Tlokoeng – or Mount Fletcher as it was previously known – lies 415km north-east of Fort Hare’s Alice campus.
The town is situated in one of the most rural parts of the Eastern Cape, so much so that many would struggle to find it on a map without resorting to Google.
But it was here that UFH centre-back Athenkosi Masiza fell in love with the Beautiful Game as a child.
Despite having no proper facilities, the young Kaizer Chiefs fan learnt to play soccer on the dusty patches of land synonymous with the region.
There were no screaming fans, only the occasional sheep or goat bleating its disapproval if a stray ball came its way.
Masiza was just as serious about his education at Bethania Senior Secondary School as he was about his football. And, having matriculated well, he was able to enrol at Fort Hare last year.
A scant 17 months on, the Bsc Agriculture student is considered one of UFH’s shining lights in the ongoing FNB Varsity Football tournament, for which his team qualified for the first time in five long years.
His coach Mongile Nyasana believed he was playing the best soccer of his young life – and more than just a few analysts had taken note.
Notwithstanding the 4-0 loss to UWC last time out, he has been brilliant in defence alongside the likes of Bonke Nxiwa, Athenkosi Jezi, Mbeko Mbungane and Someleze Kapte.
“I love everything about football,” he said ahead Fort Hare’s home clash against second-placed Tshwane University of Technology on Thursday. “And I want to make this team better.”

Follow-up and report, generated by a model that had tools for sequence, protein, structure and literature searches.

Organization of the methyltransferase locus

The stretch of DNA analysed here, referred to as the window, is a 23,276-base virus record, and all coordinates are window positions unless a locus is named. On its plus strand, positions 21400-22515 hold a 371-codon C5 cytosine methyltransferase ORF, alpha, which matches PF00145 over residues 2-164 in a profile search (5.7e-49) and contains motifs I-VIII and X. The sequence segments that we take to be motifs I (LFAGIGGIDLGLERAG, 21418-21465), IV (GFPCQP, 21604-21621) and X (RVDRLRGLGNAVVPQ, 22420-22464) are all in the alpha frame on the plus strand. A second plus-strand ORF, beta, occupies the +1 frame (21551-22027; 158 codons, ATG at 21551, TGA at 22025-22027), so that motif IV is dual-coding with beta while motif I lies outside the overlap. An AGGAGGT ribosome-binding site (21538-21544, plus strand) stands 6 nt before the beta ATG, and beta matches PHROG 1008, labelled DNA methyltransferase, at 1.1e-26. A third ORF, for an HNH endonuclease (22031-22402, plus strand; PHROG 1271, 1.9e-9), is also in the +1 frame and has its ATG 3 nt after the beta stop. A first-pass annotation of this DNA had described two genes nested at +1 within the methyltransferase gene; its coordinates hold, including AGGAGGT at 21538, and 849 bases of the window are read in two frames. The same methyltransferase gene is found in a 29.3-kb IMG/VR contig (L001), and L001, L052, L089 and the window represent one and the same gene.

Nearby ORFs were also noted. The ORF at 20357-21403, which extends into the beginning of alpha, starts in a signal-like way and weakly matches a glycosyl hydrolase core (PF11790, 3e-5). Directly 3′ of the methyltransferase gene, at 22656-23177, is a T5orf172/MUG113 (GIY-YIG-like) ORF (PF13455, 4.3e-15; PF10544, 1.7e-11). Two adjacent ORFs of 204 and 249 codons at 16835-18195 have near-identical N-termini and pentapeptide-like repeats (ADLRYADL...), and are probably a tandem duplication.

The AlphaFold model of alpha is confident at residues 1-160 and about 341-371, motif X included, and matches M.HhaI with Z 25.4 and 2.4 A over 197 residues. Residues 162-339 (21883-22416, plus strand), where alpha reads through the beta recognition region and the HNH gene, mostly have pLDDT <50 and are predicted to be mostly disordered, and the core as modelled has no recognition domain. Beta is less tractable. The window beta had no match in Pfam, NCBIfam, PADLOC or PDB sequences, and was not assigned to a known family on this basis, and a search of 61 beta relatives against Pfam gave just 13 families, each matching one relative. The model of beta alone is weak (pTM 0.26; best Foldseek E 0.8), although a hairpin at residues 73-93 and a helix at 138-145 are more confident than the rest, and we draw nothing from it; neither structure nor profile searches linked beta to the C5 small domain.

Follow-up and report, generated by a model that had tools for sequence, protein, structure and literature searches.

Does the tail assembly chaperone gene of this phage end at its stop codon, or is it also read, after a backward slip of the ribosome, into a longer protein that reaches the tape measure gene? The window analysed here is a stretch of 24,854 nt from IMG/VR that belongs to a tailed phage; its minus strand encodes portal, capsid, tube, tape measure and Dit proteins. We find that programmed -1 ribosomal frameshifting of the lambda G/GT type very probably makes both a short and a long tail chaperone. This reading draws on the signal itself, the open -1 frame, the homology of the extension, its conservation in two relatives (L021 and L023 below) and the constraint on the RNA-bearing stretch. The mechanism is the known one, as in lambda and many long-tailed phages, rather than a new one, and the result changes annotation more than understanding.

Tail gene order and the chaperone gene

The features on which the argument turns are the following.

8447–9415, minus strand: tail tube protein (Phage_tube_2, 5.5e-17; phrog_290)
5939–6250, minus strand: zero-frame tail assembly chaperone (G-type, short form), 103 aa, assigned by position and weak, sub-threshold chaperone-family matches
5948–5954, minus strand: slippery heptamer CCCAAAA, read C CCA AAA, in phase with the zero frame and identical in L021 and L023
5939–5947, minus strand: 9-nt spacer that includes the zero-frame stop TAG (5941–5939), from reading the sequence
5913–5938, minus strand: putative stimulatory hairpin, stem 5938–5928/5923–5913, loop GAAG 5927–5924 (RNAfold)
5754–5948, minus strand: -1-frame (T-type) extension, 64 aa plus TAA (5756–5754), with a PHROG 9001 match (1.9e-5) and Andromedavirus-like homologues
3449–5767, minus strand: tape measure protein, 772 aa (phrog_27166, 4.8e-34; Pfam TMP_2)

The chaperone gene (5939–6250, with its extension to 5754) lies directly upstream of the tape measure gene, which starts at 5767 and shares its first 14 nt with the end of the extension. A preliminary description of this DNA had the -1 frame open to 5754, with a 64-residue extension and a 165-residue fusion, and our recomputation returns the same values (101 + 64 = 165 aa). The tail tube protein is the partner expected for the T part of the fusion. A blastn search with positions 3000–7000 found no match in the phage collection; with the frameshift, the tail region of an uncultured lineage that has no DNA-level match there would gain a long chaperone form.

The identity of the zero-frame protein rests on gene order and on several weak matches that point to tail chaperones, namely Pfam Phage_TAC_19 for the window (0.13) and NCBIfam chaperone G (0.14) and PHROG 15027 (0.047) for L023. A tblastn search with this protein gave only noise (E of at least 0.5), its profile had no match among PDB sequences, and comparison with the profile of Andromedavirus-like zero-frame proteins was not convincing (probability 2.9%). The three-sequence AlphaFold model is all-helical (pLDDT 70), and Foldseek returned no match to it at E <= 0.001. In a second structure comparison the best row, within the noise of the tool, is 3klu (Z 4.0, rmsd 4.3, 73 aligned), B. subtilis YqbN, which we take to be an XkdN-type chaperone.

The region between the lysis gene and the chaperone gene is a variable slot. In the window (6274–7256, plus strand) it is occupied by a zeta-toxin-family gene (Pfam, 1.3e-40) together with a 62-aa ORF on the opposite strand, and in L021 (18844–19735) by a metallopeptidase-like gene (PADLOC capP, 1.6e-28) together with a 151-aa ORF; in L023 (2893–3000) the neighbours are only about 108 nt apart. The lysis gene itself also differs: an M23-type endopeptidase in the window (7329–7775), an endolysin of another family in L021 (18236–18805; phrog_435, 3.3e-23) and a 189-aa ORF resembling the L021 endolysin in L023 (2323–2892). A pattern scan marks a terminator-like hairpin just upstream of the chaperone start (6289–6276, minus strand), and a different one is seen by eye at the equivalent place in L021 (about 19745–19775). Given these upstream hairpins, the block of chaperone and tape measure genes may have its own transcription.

Given his humble beginnings, Masiza never thought it possible that he would one day play Varsity Football, let alone show off his talent to national television audiences.
Although he was “very nervous” when he saw the cameras rolling at their first televised game, he was thankfully able to put the stage fright behind him within minutes of the opening whistle. Once settled in, he proceeded to give the viewers a show they would not forget in a rush.
“Varsity Football is so fast compared to what I’m used to. There is such high quality there,” the 21-year-old admitted.
“If you are not playing with your heart and not mentally fit, you aren’t going anywhere. You have to give it your all for the full 90 minutes.”
He felt he had made great strides as a defender this season, making tackles when it counted – something that had alluded him previously.
Some of the players were hurting after the 3-1 and 4-0 away defeats to UJ and UWC, he said. These results effectively put paid to Fort Hare’s hopes of making the Varsity Football semi-finals.
However, since they were back on home turf on Thursday after three weeks on the road, he still felt they had what it took to spring a surprise on the more-fancied TUT.
“We have moved on from not making the semis and now we will be going out there to express ourselves. We feel we could pull off an upset.”
Masiza recognised that he would be considered one of the more senior players within the ranks this time next year, especially after having gained experience in tertiary soccer’s premier competition.
He was looking forward to it as he believed he could help the new generation of players coming through.
“The biggest message I’ll give them is to keep playing as much as they can.”
Fort Hare fans will be hoping Masiza does the same given his outstanding performances this season.